To further optimize task context switches, a task may indicate, at any time, the areas of its register file data space that are filled with constant data by using the kernel subroutine xosSetSmemConstants (). This subroutine enables the kernel to save the task's constant register file data only once. During context switch restores, the kernel restores only constant register file data.
Referring to FIG. 6, the present embodiment of swapping the contents of register file 30 is described. Swap rain register file 600, computes the minimum amount of data to be copied to the save area, such as memory 110, using boolean arithmetic to operate on the masks in parallel thereby creating a mask which indicates which segments need to be saved before the routine starts copying.
In the present embodiment, a temporary mask T1 610 is created, possibly in a kernel register or alternatively in a memory location. In the preferred embodiment, T1 610 is a register since boolean arithmetic operations operate faster on registers than on memory locations.
In step 6A, mask T1 is loaded with the current register file 30 utilization from the current task. In step 6B, T1 has added into the mask those segments of register file 30 that the incoming task has specified it will use.
In step 6C, register file segments of the current task which have been specified by the system as constant only data, and which have been previously saved are removed from T1 610 as they need not be saved.
While the present invention describes operations 6A-6C in a particular order, it should be recognized that the operations are associative and therefore may be performed in any logical order.
Once mask T1 610 is generated, step 6D looks to see if the bit corresponding to a particular register file 30 section is set. If it is, the method proceeds to step 6E where the data is actually copied.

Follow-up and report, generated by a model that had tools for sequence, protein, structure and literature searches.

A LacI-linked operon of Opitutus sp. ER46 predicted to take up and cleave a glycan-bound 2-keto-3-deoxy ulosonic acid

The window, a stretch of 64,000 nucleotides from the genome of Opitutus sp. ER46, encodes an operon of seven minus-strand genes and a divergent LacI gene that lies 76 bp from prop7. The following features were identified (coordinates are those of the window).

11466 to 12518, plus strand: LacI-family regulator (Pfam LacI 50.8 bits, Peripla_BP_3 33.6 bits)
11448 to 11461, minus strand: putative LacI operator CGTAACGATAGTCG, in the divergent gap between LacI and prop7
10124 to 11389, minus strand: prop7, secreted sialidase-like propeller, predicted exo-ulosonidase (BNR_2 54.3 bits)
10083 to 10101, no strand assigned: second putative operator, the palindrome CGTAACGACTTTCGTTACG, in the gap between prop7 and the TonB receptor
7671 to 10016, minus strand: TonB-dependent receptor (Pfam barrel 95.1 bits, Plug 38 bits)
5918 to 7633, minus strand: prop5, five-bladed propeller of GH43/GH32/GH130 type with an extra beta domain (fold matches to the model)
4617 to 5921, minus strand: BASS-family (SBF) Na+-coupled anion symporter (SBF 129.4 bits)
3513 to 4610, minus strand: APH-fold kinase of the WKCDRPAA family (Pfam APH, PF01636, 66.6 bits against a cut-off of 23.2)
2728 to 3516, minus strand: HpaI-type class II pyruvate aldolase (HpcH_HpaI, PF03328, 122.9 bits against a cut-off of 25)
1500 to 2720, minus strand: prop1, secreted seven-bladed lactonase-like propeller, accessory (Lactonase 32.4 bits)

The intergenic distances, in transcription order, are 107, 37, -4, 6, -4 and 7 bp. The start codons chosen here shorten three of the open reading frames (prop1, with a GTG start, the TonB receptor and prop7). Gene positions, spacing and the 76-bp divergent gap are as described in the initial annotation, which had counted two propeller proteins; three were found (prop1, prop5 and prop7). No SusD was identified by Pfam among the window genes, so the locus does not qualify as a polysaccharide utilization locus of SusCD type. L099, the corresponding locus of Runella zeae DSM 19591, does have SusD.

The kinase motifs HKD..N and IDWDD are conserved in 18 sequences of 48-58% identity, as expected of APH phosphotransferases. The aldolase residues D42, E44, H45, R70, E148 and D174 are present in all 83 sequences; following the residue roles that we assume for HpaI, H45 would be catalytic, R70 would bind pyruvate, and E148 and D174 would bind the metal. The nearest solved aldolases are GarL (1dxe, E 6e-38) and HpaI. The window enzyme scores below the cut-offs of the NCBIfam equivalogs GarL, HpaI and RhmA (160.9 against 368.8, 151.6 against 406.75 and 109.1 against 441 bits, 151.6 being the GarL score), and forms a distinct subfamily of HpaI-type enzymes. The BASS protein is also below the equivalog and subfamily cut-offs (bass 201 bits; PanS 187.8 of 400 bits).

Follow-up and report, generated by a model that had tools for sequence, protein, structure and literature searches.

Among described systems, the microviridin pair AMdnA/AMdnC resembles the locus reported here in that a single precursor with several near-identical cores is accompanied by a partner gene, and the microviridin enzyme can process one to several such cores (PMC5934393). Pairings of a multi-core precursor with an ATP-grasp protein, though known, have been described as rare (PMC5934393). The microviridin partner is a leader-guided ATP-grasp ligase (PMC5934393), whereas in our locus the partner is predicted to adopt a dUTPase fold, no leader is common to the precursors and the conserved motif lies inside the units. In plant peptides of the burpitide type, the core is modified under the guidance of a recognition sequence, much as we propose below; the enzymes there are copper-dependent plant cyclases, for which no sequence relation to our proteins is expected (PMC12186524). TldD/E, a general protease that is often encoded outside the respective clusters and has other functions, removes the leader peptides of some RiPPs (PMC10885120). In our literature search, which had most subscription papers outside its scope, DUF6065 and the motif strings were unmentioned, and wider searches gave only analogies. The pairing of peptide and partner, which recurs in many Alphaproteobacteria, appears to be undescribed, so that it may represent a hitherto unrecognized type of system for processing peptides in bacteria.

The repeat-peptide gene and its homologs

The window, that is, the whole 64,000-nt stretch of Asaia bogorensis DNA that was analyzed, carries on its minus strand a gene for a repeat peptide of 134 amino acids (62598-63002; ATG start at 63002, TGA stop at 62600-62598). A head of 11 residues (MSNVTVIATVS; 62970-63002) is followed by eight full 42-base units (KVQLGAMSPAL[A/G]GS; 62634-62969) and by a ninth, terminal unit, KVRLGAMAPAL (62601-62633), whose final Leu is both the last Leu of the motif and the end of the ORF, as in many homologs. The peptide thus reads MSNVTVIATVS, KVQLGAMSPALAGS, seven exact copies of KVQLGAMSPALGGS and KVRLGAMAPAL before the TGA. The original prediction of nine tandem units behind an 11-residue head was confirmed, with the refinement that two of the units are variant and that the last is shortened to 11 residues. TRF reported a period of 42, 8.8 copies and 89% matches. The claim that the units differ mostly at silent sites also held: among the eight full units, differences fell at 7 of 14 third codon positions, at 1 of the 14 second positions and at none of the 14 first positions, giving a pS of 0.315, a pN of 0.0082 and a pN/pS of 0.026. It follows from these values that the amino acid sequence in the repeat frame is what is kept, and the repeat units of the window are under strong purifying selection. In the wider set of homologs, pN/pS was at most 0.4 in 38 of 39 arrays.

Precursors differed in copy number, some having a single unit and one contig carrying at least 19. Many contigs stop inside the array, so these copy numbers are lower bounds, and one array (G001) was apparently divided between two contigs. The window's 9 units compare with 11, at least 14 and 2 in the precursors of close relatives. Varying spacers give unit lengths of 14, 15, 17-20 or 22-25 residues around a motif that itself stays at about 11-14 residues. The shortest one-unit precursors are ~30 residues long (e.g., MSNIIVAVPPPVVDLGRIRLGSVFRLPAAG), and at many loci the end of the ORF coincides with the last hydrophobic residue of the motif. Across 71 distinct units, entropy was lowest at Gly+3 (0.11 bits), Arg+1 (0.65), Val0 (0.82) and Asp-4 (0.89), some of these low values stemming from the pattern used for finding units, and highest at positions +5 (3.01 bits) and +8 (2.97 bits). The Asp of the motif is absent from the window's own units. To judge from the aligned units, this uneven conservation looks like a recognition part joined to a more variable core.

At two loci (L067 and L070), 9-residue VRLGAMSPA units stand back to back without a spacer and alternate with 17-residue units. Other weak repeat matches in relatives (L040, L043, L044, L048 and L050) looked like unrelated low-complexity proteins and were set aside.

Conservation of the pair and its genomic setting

If the mask indicator is not set, step 6F increments to the bit position associated with the next register file segment. It will be appreciated that many different methods can be used to advance to the next T1 610 mask indicator position. Such methods include shifting T1 610, in the present embodiment, but could also include updating a pointer, masking to a particular position or other types of routines to increment to the next position.
In step 6E, after the register file 30 segment has been copied to backing store such as memory 110, control is advanced to step 6F described above.
The method terminates when all mask indicator positions have been examined and all register file 30 segments have been copied.
Software implementations in C++ and media engine assembler corresponding to the present embodiment disclosed is included as Appendix A.
Other embodiments are within the following claims.
More specifically, while particular embodiments of the present invention have been shown and described, it will be obvious to those skilled in the art that changes and modifications may be made without departing from this invention in its broader aspects and, therefore, the appended claims are to encompass within their scope all such changes and modifications as fall within the true spirit and scope of this invention, including but not limited to implementations in other programming languages. Additionally, while the preferred embodiment is disclosed as a software implementation, it will be appreciated that hardware implementations such as application specific integrated circuit implementations are also within the scope of the following claims. ##SPC1##
|1||C.L. Lou and James W. Layland, "Scheduling Algorithms for Multiprogramming in a Hard-Real-Time Environment", Journal of the Association for Computing Machinery, vol. 20, No. 1, Jan. 1978, pp. 46-61.|
|2||*||C.L. Lou and James W. Layland, Scheduling Algorithms for Multiprogramming in a Hard Real Time Environment , Journal of the Association for Computing Machinery, vol. 20, No. 1, Jan. 1978, pp. 46 61.|
|3||David Shear, "Three DSP RTOSs are Ready to Merge with Windows", EDN-Technology Update, Jun. 1994, pp. 2929-30, 32 and 34.|
|4||*||David Shear, Three DSP RTOSs are Ready to Merge with Windows , EDN Technology Update, Jun. 1994, pp. 2929 30, 32 and 34.|
|5||*||H.M. Abdel Wahab and T. Kameda, Scheduling to Minimize Cumulative Cost Subject to Series Parallel Precedence Constrains , Operations Research, vol. 26, No.1, Jan Feb. 1978, p. 141.|
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|U.S. Classification||718/108, 712/228|
|International Classification||G06F9/48, G06F9/46|
|Cooperative Classification||G06F9/462, G06F9/4812|
|European Classification||G06F9/46G2, G06F9/48C2|